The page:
In Sports Medicine, the company continues to develop new products to stimulate growth of a fairly mature segment. The Opus AutoCuff enables surgeons to more easily perform arthroscopic shoulder rotator cuff surgery, in combination with ArthroCare's Coblation technology. Building on AutoCuff, the company launched its new LabraFix System in the third quarter of 2005. LabraFix is a knotless arthroscopic repair for shoulder labral (ligament) tears, without the requirement of time-consuming and complex surgical knots. A labral tear usually occurs when the shoulder separates. Seeing a preference for non-metallic anchors used in shoulder repair, the company is launching new products. In Q306, the company rolled out LabraLock P, a non-metallic anchor implant that makes labral repairs simpler and faster. The company also received 510(k) clearance from the FDA for its Magnum PI, the new nonmetallic rotator cuff repair product. The company has started high-volume production for Magnum PI and also launched Perfect Passer during the third quarter of 2007. Perfect Passer allows Opus users to treat vertical tears with a side to side stitch, allowing surgeons to secure more of the tissue in the arthroscopic rotator cuff repair. In late October 2007, the company launched new Opus TwinLock knotless fixation system. The Opus TwinLock simplifies rotator cuff repairs by providing a dual implant system that can be placed directly through the rotator cuff. Management believes that 70,000 shoulder injuries currently untreated or performed as open repairs can now be repaired arthroscopically.

Introduced in 2005, the Topaz Microdebrider, based on the company's Coblation technology, targets the tendonitis market. Severe tendonitis, if not responsive to more conservative earlier treatments like rest, compression, non-steroidal anti-inflammatory medications (NSAIDS), bracing, or therapy, will be treated in open surgery. About 10-15% of the estimated 4 million tendonitis sufferers do not respond to conservative treatment but only 5% seek surgery. Topaz will initially target patients who seek surgery but, through education about the benefits of minimally invasive Coblation use, the company believes it can expand Topaz use to the larger group of non-responders.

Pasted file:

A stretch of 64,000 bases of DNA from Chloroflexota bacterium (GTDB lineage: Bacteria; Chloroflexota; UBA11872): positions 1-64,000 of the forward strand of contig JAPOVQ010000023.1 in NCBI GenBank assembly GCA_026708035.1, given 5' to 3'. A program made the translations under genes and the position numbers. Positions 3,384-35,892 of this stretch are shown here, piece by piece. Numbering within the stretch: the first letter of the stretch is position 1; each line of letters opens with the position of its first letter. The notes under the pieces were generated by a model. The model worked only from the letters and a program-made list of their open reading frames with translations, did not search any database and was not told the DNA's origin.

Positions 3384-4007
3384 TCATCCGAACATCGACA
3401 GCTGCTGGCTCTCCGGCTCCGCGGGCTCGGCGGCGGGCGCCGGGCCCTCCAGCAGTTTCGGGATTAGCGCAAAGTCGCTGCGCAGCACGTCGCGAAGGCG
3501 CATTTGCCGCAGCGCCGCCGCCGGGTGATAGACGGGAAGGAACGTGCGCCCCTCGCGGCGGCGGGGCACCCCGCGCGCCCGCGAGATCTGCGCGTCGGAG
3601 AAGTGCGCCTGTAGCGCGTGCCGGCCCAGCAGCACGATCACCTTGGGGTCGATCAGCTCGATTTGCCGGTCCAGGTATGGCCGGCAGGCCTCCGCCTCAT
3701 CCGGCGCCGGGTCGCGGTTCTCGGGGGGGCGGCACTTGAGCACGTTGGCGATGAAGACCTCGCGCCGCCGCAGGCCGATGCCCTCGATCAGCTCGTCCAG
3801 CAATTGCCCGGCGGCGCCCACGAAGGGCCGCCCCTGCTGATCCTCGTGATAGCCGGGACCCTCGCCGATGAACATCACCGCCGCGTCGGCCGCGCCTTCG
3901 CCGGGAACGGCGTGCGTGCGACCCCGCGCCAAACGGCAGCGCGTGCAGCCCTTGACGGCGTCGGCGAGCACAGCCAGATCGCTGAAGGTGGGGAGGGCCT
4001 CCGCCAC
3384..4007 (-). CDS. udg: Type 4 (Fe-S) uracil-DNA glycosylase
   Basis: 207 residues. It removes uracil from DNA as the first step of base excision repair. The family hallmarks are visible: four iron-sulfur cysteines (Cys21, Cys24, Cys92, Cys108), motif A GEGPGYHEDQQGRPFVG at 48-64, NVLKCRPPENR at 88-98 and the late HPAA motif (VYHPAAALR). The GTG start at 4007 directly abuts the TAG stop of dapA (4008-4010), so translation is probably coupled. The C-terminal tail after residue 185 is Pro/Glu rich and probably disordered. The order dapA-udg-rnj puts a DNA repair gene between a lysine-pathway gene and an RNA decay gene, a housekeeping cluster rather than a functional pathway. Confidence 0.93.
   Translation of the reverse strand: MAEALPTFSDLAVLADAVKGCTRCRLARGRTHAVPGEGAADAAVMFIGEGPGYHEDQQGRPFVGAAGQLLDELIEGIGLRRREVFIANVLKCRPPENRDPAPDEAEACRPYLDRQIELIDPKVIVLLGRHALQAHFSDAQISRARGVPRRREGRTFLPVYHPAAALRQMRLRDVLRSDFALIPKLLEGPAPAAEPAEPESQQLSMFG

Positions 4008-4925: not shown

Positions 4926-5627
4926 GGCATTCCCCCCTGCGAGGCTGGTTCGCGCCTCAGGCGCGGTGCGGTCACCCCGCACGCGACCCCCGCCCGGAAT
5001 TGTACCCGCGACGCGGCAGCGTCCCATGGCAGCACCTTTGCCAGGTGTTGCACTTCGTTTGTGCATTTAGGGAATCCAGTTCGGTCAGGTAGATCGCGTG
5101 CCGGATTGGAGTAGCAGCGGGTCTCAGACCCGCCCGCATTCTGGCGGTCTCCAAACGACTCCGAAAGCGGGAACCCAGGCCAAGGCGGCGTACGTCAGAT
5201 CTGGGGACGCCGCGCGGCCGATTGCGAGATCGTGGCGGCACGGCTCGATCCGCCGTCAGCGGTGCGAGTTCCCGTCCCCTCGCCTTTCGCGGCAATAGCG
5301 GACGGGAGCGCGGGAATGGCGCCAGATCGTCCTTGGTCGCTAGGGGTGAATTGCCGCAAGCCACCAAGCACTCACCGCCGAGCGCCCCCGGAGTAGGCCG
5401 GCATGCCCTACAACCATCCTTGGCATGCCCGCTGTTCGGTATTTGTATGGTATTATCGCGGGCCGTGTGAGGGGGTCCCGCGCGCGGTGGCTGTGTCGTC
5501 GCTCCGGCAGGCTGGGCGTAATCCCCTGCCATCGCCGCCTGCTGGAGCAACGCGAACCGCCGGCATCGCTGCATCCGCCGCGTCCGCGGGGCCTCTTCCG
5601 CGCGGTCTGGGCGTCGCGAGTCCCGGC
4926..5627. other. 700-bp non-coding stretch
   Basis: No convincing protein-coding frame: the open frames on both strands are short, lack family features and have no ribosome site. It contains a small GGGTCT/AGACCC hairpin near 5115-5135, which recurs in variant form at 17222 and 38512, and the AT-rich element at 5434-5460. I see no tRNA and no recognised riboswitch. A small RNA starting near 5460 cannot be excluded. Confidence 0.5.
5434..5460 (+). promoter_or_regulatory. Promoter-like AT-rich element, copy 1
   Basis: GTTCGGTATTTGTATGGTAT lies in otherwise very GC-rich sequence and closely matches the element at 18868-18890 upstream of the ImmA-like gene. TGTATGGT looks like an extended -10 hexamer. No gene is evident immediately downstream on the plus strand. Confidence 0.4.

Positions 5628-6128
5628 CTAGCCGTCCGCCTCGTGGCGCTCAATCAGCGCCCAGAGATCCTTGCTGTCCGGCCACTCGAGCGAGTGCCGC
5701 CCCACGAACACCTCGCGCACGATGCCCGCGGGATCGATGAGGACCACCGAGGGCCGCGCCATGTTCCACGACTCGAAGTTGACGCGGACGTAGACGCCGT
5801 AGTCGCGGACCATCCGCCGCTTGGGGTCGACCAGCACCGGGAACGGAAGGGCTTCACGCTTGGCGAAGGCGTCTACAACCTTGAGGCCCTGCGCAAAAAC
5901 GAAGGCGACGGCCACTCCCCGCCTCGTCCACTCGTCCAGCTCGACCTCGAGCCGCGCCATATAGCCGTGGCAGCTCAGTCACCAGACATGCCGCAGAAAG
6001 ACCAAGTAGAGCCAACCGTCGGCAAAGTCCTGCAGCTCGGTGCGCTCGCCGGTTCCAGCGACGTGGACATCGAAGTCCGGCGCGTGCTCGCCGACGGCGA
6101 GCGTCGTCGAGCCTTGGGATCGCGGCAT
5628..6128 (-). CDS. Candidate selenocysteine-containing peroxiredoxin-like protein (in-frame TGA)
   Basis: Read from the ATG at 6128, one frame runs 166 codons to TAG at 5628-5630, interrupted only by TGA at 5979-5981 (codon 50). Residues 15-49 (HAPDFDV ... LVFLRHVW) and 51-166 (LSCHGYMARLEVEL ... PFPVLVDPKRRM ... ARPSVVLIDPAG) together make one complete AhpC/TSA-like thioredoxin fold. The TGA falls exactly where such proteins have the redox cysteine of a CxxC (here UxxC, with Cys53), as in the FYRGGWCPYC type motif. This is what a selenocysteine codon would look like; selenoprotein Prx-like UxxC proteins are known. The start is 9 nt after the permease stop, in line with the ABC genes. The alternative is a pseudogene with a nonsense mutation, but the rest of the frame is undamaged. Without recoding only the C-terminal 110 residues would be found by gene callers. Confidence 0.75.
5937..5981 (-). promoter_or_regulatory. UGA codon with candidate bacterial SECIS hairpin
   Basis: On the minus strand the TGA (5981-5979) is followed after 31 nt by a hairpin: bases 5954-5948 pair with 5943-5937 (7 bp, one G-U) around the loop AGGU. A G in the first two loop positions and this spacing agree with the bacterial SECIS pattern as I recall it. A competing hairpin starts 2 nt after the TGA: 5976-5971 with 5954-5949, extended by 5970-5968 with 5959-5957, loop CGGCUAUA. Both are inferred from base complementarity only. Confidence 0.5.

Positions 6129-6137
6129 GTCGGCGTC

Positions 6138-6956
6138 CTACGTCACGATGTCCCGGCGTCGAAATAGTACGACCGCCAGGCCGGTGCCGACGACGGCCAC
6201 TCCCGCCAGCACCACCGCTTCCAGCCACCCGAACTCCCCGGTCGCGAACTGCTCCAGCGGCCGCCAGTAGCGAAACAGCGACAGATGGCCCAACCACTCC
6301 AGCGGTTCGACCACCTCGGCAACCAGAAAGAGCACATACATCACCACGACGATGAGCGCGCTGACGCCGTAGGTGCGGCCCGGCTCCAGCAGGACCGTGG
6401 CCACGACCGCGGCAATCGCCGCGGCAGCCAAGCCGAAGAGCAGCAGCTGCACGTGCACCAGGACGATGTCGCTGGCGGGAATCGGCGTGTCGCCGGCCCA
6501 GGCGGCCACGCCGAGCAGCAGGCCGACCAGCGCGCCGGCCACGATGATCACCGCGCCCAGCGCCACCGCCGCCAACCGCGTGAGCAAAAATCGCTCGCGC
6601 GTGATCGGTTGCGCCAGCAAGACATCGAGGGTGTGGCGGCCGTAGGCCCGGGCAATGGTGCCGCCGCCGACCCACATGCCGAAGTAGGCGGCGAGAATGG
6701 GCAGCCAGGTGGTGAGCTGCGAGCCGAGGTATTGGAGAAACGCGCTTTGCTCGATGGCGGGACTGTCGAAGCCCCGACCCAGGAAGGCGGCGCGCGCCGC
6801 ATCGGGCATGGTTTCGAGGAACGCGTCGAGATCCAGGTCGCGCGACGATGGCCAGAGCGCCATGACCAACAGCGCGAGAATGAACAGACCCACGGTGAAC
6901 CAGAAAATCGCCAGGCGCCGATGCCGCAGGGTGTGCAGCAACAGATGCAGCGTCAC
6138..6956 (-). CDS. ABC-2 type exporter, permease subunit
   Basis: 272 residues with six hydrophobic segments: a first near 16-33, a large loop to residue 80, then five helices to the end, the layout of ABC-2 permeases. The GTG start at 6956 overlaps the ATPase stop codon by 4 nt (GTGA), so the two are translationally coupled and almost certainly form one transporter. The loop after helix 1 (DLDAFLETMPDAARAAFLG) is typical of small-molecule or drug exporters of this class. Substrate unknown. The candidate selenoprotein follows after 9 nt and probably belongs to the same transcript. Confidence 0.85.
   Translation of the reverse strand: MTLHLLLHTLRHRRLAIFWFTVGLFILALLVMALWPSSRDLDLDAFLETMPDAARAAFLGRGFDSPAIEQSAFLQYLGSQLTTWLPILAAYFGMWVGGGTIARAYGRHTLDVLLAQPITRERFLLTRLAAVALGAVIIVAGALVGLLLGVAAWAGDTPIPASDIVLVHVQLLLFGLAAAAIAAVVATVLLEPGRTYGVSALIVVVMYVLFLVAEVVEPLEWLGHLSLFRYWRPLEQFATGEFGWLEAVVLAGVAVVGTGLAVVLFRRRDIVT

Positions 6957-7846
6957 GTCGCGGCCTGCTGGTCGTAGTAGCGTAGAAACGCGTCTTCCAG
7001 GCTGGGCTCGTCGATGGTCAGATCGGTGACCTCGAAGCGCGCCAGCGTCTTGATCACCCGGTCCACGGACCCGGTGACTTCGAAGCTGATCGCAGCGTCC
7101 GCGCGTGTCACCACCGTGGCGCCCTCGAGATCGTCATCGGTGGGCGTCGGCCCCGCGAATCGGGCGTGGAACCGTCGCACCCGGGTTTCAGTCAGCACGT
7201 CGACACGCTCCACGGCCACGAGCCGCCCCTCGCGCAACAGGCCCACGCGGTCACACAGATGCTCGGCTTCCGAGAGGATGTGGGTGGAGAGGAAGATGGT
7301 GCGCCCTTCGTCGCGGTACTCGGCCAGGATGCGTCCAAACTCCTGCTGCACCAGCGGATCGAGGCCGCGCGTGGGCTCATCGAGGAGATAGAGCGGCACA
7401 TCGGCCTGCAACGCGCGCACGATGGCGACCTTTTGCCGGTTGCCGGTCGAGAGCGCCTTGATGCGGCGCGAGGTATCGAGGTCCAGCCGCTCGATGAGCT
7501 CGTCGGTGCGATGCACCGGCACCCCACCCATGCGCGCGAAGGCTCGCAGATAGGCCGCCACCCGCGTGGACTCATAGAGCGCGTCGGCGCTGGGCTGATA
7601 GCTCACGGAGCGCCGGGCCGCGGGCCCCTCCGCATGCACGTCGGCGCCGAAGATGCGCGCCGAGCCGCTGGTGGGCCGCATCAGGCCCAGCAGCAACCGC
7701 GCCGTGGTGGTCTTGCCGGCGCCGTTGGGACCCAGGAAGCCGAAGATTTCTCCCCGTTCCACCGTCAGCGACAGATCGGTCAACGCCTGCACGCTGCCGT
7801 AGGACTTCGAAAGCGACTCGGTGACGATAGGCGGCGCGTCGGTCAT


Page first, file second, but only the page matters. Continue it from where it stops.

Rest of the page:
Seeing additional opportunities in oncology, ARTC formed an interventional therapies unit for cancer. The company has seen strong interest in the Cavity SpineWand to treat vertebral compression fractures caused by spinal tumors. In 2006, the Cavity treatment was used by less than 17,000 patients but the company believes this is a 125,000 tumor-related VCF patient market opportunity with an ASP over $2,000. The American Cancer Society estimates 30%-70% of the more than 0.5 million people who die annually of cancer have skeletal metastases and 10% of the 700,000 VCFs that occur each year are believed to be caused by metastatic spine tumors. The tumors cause the vertebrae to weaken and collapse. In May 2007, the company received FDA clearance for Cavity SpineWand to reduce malignant lesions within the vertebrae. The Cavity SpineWand is used in a minimally invasive surgical procedure to remove malignant tissue within vertebrae, creating a small cavity. Medical grade cement can then be injected into the cavity, stabilizing the fracture. The company is also looking to expand the Cavity treatment to treat other tumors like the brain. Although the company is investing in targeted oncology products in 2007, this unit is not expected to generate substantial revenues in 2007. However, we do believe it will become a solid growth area for the company.